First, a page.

On March 12, 1933, Governor-General Douglas Watson of the Confederation of North America announced that he would be embarking on a tour of Europe "so as to better understand the peoples and leaders of these nations, which, in turn, will enable our country to more effectively play its proper role in international affairs." Watson's itinerary included visits to Berlin, Paris, Amsterdam, and London, and would be the first time a sitting governor-general had ever left North American soil. Watson's announcement also represented the first deviation from isolationism by a North American leader since the defeat of John McDowell in 1888.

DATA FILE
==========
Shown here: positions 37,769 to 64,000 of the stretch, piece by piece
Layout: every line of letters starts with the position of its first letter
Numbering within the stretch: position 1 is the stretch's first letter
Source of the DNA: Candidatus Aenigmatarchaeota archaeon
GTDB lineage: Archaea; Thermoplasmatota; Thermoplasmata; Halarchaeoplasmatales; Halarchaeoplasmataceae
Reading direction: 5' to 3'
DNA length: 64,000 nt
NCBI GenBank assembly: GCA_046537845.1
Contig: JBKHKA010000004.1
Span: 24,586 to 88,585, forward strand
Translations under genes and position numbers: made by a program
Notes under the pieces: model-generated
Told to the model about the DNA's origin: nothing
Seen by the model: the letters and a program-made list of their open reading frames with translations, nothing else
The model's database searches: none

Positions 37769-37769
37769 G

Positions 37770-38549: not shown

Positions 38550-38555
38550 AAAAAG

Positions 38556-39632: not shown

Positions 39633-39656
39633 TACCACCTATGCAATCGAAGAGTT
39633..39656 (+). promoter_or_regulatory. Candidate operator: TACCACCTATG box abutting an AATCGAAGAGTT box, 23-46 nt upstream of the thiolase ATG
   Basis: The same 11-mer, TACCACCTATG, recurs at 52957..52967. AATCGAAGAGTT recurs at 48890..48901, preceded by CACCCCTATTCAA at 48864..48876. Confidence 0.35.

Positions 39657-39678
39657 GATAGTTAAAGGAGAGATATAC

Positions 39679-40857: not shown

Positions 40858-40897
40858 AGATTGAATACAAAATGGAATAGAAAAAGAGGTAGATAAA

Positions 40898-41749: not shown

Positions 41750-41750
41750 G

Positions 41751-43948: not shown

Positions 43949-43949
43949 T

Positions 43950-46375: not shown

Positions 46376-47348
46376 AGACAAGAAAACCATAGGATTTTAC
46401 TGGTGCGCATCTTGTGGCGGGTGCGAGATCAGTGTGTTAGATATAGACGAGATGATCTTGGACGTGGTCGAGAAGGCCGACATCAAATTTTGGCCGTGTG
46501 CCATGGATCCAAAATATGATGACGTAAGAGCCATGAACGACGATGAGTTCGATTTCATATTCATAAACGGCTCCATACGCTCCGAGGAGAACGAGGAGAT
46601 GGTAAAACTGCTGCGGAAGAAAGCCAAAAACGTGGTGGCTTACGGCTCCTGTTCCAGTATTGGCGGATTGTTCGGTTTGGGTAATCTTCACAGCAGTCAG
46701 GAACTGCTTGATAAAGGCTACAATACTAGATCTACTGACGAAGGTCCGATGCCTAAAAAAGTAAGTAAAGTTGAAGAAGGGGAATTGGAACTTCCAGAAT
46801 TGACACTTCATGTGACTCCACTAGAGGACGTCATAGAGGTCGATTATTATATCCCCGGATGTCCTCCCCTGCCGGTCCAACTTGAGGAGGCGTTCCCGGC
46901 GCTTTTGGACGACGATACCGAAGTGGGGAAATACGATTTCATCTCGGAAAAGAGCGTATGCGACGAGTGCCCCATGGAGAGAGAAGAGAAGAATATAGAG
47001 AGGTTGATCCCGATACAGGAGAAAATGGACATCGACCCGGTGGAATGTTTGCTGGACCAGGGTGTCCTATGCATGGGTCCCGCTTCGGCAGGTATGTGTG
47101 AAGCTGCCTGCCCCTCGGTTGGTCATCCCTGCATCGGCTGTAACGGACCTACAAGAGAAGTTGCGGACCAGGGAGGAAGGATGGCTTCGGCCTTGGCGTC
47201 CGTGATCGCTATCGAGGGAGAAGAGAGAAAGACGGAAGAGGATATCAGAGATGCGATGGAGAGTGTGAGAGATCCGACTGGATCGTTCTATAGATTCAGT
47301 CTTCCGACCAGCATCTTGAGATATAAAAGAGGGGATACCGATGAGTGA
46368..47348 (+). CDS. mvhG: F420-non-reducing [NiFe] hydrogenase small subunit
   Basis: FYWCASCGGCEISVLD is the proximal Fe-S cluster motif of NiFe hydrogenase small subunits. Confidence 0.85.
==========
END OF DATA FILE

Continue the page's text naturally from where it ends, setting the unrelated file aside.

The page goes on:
On March 12, 1944, Philip Harrison, the leader of the Black Justice Party in the United States of Mexico, declared his "war against the rainbows," a revolutionary movement aimed at gaining Mexican Negroes reparations for a century of slavery, and the creation of a separate Negro state. Harrison's announcement came at the same time as President Alvin Silva's announcement that the 1944 presidential elections had been suspended for the duration of the Global War, and may have been a response to it.